Mary & Salu

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    Alana McGee

    Hi Mary

    Apologies. We’ll get to it in the am if not sooner! Hang tight!- Same for Lola!


    No problem Alana – we’ve re-reviewing the nose touch/clicking. Salu’s used to it but we’re now using a frisbee. He does a down and nose touch no problem. And, when the piece of truffle is in my hand he now does a touch just fine (no licks) – I’m just not sure how to move to a naked truffle by itself on the floor/ground. (Without going broke. In the process.. 😉 )

    Alana McGee

    It is perfectly OK Mary to be excited and accept any alert in these situations. In fact, in this case, it is more than okay, it is preferred. Don’t expect or require super hard & fast criteria when you are changing the game to a much more complex scenario. If he offers it, awesome, but this is still a new place. You don’t have to have 100% compliance so to speak.

    0:11 really nice Salu! Notice ever here how it is not as exact- that is A-OK. See that Log, see where he is, see where you are? Things are in the way, that’s okay. If he approached from a different angle and you were in a different spot it might have looked different. He told you where it was clearly. Right now, that’s what we are going for. Well done team. Very well done.
    His re-alert here was fantastic. Laying on a log is awkward. even more kudos. His expression is great there.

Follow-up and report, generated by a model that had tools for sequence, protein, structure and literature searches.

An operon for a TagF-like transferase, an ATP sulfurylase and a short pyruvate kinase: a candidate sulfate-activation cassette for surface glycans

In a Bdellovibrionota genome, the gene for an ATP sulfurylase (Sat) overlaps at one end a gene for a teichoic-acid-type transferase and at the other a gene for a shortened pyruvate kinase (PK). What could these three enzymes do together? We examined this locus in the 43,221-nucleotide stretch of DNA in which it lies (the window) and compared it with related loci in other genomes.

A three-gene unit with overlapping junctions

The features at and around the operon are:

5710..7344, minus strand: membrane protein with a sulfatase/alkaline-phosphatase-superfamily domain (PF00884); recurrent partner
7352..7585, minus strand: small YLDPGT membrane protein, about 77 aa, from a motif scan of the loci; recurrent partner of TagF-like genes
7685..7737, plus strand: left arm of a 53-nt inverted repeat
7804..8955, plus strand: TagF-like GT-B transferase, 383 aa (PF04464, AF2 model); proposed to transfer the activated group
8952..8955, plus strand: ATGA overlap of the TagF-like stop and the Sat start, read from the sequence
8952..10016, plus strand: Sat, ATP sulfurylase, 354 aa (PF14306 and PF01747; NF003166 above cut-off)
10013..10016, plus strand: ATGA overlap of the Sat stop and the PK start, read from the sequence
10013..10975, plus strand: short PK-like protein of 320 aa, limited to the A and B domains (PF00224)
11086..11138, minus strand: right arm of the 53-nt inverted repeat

NICE transition to the next one.

    Even better transition after that- no cue needed!

    2:00 awesome- he had nose touch duration there! You may not have even intended it, but hey! that’ll be great later.

    2nd video 0:26- YAY. This is great. We should start to call him Mr. precision.

    These were really good set ups and scenarios at a perfect level for him. Nicely done.

    That IS interesting about the alert- I chuckled and FANTASTIC. That is exactly what he is doing. Really well done and persistent on his part. you can see him starting to get a bit tired after that one- but that was great.

    Well Done Mary on setting Salu up for success.


    Alana/Kristin – a couple questions…. How long is too long to let scent cook? It’s very dry again and only a chance of rain this weekend. If I were to put the scents out the night before so the soil would be moist from the dew in the AM would that work? Or, make it too difficult? Also, how would it change if it DID rain overnight?

    Several times I’ve forgotten teaballs that were buried in the yard only to find days even weeks later the dogs will find them (not sure which one)

    Alana McGee

    Too long is relative, and it is hard to say

    The night before would be fine as morning dew would allow the odor coming out of the ground to mingle in the grasses. If it did rain, that’s okay!- Odor will be more widely dispersed in that instance, as there is more wet. Overnight when it is dry (with dew in am) is preferable actually to planting in morning then trying to find later in the day when dry and thermals have come into play.

    General rule: odor clings to wet things. The more that is wet, the more it clings to.


    Thanks Alana!!! that’s EXACTLY what I’d hoped you would say… 🙂


    More learning experiences this week… never ending…

    As I indicated it’s been VERY dry here making video and practicing difficult. Yesterday we did have some rain so I drove to the park to place the scents but the ground was only damp about 1/4″. I placed the scents about 1″ under with wet leaves on top and waited about an hour. Salu and I then went to practice. Along with all the distractions (I could hear the deer close by) the dry ground made it very difficult – he did find 3 and two were right away (as he always seems to do) but after that he mind was anywhere but “truffles” and I think he stumbled on the 3rd scent while investigating everything else.